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Advice on a "camping" BOB

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posted on Oct, 31 2012 @ 02:26 PM
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There is plenty info here, and all round the net, for a standard urban bug out bag. what the average person should have.

But what additional items should one need for an outdoor survival bag? If I planned and intended on camping in the woods for up to a month.

Say there would be 2 adults and a 4yo in this situation.

Most bob lists refer to what 1 person would be able to carry. But what if you have 2 able adults who intend on staying together. would/could the bags be very different?
and again, intention of short term wilderness survival.




posted on Oct, 31 2012 @ 02:31 PM
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pencil sharpener



posted on Oct, 31 2012 @ 02:52 PM
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reply to post by ObjectZero
 


^^ You must be a Redditor


I'd also pack some personal hygene items. I'm a guy so I don't need anything special, but they do make washable "pads" for women. Maybe a mensutral cup. You guys can laugh now, but I wouldn't want to be stuck in the woods with my girl durring "that time" and her not have anything at all to deal with it.
edit on 31-10-2012 by MystikMushroom because: took out the 'wad of leaves' part



posted on Oct, 31 2012 @ 02:52 PM
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First if your buging out it will not be a pleasant joint into the woods for a camp fire singalong, treat as such. just what you need to much stuff will slow you down are taken from you.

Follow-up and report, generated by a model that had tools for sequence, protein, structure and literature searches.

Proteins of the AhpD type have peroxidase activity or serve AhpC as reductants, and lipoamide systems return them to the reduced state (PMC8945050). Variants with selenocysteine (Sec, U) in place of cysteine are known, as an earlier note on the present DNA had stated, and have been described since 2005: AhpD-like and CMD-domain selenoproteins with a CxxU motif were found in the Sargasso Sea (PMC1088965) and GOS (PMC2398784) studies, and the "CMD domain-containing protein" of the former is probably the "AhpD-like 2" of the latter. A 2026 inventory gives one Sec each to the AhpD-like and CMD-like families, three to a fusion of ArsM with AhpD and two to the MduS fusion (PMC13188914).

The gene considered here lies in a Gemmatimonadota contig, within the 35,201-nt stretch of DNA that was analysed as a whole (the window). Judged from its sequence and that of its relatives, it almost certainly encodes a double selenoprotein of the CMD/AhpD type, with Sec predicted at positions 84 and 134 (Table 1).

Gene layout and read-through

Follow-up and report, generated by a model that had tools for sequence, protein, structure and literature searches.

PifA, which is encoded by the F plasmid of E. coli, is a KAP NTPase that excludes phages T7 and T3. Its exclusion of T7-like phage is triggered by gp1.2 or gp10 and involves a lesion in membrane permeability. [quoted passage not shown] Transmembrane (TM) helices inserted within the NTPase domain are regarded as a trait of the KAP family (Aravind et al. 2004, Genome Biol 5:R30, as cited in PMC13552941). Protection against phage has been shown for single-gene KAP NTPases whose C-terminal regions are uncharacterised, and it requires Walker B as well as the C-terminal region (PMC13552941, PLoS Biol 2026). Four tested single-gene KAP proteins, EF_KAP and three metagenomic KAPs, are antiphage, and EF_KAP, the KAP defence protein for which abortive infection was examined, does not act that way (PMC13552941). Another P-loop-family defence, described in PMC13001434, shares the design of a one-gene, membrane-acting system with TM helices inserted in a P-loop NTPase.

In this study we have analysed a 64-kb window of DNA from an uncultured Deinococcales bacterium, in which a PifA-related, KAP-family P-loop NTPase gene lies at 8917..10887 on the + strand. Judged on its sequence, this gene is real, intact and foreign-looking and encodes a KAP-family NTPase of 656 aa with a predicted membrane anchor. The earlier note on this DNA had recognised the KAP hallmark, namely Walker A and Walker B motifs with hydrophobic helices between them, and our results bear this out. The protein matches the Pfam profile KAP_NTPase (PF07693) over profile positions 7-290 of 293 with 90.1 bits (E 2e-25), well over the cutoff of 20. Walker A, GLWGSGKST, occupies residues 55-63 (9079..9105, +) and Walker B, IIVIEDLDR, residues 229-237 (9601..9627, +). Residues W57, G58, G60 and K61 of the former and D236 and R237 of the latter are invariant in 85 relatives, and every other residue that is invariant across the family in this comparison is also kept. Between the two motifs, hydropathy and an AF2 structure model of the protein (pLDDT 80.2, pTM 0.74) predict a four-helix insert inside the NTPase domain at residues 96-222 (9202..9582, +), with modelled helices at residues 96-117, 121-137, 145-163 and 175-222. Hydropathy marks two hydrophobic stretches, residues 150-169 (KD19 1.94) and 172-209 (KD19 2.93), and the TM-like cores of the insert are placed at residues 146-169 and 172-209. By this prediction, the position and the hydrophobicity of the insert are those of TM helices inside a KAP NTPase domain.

posted on Oct, 31 2012 @ 02:57 PM
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reply to post by Bisman
 


I carry this.

A good sleeping bag.
Good cutting tools,a knife,a small hatchet and a small hand saw
A water filter.
A water container.
A pot and a pan to cook in.
A tarp or a tent.
Calories (food)
Clothing including rain gear.
Fire making items....bring more than one thing,a couple bic lighters,a magnesium stick and a farrow rod.
Soap.
First aid kit.
A deck of cards.



Between 2 people you have to delegate the items and weigh them out so the packs are fairly even.
If one person is smaller than the heavier one has to take a little more.

If you have any questions than feel free to reply here or u2u me.
Also,check your messages,I just sent you one.
I might have missed something because i am doing this on the fly without thinking so i might have missed an item.


edit on 31-10-2012 by DrumsRfun because: (no reason given)
edit on 31-10-2012 by DrumsRfun because: (no reason given)



posted on Oct, 31 2012 @ 02:58 PM
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reply to post by MystikMushroom
 


Thank you...i think thats what I might have missed.
I don't camp with girls too often.



posted on Oct, 31 2012 @ 03:03 PM
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reply to post by Bisman
 


When camping with female friends I like to include a bottle of tequila in my BOB just in case they might want to party.



posted on Oct, 31 2012 @ 03:04 PM
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reply to post by DrumsRfun
 


All essential items there. I would the following as well:

First aid kit
Trapping snares
Wild edible plant guide
.22 cal rifle and 500 rounds for hunting and self-defense
Flashlight and batteries
Pocket knife sharpener
Soap
Bug head nets for everyone (indispensable!)
spare socks

Your choice of clothing and footwear is essential and varies depending on season. Get the best you can afford (goretex is great) and make sure any new boots are broken in before you need them.



posted on Oct, 31 2012 @ 03:09 PM